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Home : China Guide : Beijing : Weather of Beijing

Beijing has a continental climate. Annual rainfall averages nearly 700 millimetres, most of it comes in July and August. Winter is dry and cold and has little snow, The frost-free period is 185 days. The best time to visit Beijing is May, September and October, when people enjoy bright sunny sky.

In winter, it is cold and dry. Due to the Siberian air masses that move southward across the Mongolian Plateau. The summers are hot owing to warm and humid monsoon winds from the southeast bringing Beijing most of its annual precipitation. January is the coldest month and July is the warmest. Winter usually begins towards the end of October. The summer months, June to August, are wet and hot with about 40% of the annual precipitation.

Less Water & More Wind
Originating in Mayi County, Shanxi Province, the Yongding (stability forever) River in Beijing's southwestern suburbs was formerly called Wuding (no stability) River, owing to its frequent flooding and fickle course. Running through the loess plateau, the river carried a high quantity of silt, and was therefore dubbed a minor Yellow River. In 1698, Qing governor Yu Chenglong launched a massive project, dredging the river and reinforcing its banks. It was then renamed the Yongding River.

Noted for its graceful shape and consummate stone carving, the Lugou Bridge (Marco Polo Bridge) that spans the Yongding River was built in the Jin Dynasty (1115-1234). Its 266-meter length testifies to this river's past abundance. Bright Moon over the Lugou Bridge has been one of the eight celebrated views of Beijing since the Jin Dynasty. In recent years, however, relentless drying up has obliged the local people to take decisive measures in order to prevent this traditional view from disappearing. They now retain the level of river water with the help of a rubber dam.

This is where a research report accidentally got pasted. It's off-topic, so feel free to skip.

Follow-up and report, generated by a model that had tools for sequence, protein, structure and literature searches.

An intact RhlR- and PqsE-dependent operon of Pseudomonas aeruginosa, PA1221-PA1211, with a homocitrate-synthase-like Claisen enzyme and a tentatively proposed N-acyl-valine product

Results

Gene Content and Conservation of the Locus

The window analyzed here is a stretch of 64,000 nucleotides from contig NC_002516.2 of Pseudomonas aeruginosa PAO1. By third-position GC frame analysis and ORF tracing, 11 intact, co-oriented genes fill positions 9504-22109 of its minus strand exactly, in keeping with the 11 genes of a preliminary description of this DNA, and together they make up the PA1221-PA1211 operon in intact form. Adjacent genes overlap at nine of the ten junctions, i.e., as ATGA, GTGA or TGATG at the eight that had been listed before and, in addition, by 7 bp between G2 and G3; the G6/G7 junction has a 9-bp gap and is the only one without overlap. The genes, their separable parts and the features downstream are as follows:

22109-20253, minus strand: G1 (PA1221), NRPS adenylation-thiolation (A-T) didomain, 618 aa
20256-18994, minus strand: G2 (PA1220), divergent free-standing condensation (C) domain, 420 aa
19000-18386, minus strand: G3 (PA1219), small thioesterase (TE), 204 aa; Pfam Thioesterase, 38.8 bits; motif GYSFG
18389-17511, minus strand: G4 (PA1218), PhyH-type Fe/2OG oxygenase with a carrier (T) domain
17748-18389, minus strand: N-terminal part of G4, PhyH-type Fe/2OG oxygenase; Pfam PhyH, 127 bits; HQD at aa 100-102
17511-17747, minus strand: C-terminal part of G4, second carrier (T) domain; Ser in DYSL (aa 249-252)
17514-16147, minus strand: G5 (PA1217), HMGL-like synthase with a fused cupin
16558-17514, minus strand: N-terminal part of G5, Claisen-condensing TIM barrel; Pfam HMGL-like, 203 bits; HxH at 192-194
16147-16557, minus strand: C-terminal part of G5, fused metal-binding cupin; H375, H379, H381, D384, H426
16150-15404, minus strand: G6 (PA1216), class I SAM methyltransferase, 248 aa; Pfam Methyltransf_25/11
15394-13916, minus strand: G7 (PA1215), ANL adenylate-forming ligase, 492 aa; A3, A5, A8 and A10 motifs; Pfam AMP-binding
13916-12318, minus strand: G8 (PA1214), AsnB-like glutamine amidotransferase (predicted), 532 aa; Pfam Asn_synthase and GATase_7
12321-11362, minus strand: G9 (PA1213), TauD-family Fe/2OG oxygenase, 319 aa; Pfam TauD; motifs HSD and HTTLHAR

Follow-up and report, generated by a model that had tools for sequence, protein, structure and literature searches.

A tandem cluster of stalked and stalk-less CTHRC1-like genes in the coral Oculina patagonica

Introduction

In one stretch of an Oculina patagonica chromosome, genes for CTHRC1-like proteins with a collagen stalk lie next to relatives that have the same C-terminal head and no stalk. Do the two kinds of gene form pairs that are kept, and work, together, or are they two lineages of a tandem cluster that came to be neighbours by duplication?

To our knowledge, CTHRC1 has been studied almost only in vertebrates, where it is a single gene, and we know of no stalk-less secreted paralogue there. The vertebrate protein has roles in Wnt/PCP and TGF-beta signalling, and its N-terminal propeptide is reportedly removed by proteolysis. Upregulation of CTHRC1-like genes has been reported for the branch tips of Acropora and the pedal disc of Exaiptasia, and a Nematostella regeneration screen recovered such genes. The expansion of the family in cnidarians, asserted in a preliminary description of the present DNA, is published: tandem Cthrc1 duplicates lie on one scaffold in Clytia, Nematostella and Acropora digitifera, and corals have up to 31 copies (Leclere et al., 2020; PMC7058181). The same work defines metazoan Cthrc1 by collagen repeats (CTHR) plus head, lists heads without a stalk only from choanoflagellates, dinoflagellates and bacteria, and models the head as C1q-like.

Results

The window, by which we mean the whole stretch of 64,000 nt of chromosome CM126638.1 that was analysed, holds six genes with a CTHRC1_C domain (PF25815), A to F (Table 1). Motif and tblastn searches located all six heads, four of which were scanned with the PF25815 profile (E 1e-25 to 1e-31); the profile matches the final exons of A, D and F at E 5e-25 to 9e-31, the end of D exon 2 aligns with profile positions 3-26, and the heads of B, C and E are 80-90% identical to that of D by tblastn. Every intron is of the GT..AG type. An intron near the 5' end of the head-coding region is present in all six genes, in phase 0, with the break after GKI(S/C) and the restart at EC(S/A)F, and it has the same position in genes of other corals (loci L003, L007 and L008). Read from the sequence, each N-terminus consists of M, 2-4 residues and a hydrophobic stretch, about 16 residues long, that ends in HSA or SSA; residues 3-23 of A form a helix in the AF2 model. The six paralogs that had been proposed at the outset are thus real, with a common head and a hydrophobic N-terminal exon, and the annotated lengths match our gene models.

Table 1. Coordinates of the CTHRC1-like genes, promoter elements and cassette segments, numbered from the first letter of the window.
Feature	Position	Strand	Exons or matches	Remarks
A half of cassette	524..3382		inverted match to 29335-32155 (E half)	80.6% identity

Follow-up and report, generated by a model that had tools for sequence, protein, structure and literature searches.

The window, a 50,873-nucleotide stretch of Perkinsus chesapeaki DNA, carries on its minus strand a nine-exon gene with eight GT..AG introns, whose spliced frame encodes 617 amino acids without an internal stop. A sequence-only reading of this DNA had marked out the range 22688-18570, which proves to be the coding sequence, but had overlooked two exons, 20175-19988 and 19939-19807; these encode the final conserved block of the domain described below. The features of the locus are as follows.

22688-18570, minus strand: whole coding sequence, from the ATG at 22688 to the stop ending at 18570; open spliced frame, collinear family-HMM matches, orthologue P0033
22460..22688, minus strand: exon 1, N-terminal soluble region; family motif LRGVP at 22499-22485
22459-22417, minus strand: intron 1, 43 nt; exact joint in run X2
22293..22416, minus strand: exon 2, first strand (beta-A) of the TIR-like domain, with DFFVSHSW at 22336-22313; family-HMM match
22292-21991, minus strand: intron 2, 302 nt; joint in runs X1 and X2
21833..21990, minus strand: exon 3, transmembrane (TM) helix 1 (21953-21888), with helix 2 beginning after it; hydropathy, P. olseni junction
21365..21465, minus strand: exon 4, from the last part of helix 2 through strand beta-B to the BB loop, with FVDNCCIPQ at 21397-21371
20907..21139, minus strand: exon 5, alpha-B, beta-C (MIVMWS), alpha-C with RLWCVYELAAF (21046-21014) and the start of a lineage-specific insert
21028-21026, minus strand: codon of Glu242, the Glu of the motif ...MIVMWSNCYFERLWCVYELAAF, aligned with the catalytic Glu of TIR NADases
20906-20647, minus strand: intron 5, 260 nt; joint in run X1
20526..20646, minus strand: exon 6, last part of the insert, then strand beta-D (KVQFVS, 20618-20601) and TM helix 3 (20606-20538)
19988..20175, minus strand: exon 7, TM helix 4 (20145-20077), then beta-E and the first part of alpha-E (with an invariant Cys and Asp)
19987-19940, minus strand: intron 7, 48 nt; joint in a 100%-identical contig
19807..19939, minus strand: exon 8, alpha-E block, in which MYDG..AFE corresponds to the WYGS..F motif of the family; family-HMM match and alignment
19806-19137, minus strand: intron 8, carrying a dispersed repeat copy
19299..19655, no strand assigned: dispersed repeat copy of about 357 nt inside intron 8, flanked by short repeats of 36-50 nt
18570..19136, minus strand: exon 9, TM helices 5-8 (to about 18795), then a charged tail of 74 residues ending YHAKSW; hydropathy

More serious still, water shortages threaten the ongoing production and everyday life of Beijing people, who still have extravagant habits as regards water consumption. It is quite understandable that so many people believe water to be a cheap and inexhaustible resource, given the fact that the monthly water rate for a household two decades ago was even less than the price of a single bottle of mineral water today.

Beijing began to raise its water rates a few years ago, in an attempt to encourage water conservation among its residents. From 2001 to the first half of 2002 alone, the rate underwent three increases -- from 1.6 yuan per ton to 2.0 yuan, and then to 2.5 yuan. An even more stringent water consumption regulation is soon to be announced. Last year the Beijing Government distributed free leak-preventive taps to local households. New sewage treatment plants have also been built, and water consumption in the industrial sector is more tightly controlled. Although these measures have had some positive effect, more drastic measures are needed.

The major drawback is insufficient precipitation in northern China. Apart from Beijing, other populous cities in this area, including Tianjin, Shijiazhuang, Taiyuan, Xi'an, Jinan and Qingdao, also have water shortages that are becoming increasingly serious, despite strenuous efforts. The project of diverting water from the south to the north is therefore a priority, and is expected to commence this year.

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